Thanks to our multicultural society, you may find yourself at a wedding this summer that celebrates in ways you aren't familiar with — and we're here to help. Each week, the HuffPost Canada Living team will take a look at a different culture's wedding and tell you about the customs, traditions and rules that go along with celebrating your friends' big day.
If you're attending a Sikh wedding (an anand karaj) anytime soon, all the attention is focused around the main ceremony.
"When attending a wedding from a different culture, it’s important to understand the customs and traditions that need to be followed," says Raana Chaudhry, a wedding consultant at South Asian wedding planning company Sapna Wedding based in Toronto. Chaudhry adds it's not just the guests' job to do their research, but the couple should also inform people about certain customs, like colours to avoid, or which type of gift is acceptable.
A Sikh wedding ceremony, often held at a Sikh place of worship, is less than an hour. During this time, the bride and groom are asked to bow in front of a holy scripture text called the Guru Granth, while members of the wedding party sing hymns to seek God's blessings.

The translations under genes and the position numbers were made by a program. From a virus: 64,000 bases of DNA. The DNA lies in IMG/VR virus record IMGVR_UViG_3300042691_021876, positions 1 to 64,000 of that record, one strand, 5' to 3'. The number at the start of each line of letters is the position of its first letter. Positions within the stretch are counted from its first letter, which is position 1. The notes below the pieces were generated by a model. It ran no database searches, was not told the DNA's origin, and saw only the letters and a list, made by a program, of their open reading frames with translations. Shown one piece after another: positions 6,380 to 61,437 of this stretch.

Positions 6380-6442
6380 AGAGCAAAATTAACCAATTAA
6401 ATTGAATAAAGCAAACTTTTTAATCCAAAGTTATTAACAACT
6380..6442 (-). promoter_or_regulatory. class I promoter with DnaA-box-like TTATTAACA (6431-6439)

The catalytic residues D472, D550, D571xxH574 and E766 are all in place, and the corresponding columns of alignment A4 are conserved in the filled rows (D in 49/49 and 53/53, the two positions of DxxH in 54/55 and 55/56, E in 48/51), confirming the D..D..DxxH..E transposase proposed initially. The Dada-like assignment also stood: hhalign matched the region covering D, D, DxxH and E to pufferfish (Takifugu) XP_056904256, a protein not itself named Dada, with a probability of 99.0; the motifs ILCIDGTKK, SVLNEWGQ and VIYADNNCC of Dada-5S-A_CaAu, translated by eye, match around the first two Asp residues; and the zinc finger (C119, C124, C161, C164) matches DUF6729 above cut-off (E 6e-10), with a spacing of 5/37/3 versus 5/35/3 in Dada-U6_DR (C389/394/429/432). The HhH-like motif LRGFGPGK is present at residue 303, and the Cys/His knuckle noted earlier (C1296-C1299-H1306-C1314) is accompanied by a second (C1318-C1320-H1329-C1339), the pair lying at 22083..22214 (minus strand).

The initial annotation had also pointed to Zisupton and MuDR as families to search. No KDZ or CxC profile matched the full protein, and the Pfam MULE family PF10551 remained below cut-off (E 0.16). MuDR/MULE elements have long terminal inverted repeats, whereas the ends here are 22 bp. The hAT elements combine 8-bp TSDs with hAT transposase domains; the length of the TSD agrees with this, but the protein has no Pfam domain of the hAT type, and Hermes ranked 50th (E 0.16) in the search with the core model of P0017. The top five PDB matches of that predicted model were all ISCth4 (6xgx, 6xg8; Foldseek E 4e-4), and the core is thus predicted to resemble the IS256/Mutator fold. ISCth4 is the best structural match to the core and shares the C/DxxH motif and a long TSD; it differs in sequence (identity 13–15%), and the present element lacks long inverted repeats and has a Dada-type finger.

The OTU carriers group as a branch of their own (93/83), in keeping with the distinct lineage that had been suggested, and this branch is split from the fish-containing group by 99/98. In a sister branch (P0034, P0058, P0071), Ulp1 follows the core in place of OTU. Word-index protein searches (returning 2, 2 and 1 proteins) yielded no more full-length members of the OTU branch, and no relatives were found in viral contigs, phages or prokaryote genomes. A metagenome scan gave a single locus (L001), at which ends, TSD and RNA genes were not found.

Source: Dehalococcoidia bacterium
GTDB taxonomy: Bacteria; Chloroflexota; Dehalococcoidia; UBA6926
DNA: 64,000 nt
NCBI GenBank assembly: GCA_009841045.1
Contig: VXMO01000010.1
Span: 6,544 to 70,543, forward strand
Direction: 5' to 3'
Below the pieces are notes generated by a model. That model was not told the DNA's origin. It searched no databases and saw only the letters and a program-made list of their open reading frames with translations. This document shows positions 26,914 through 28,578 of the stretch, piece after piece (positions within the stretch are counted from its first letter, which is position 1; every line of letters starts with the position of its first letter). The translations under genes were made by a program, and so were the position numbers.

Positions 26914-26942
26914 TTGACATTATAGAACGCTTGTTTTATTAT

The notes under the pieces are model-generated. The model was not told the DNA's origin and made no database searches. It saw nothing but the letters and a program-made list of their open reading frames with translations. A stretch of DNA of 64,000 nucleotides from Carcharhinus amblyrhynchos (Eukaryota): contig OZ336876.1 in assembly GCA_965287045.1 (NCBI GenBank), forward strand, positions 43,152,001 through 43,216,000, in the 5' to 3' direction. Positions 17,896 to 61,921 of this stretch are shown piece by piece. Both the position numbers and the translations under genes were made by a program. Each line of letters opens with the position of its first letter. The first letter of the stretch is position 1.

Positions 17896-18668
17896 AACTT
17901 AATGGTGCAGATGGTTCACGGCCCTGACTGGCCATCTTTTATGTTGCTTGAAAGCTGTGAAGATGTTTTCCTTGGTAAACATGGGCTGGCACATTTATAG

Because this is a holy portion of the wedding, the marriage official reads the couple their marital obligations as the couple walks around the holy scripture four times. After the end of each circle, the couple bows down to agree.
Chaudhry adds that the reception portion, which is during the evening, is full of dancing, buffet-style food and lots and lots of people — so wear comfortable shoes.
Here are Chaudhry's 11 etiquette tips for attending a Sikh wedding:
Guest Code: 11 Rules Of Sikh Wedding
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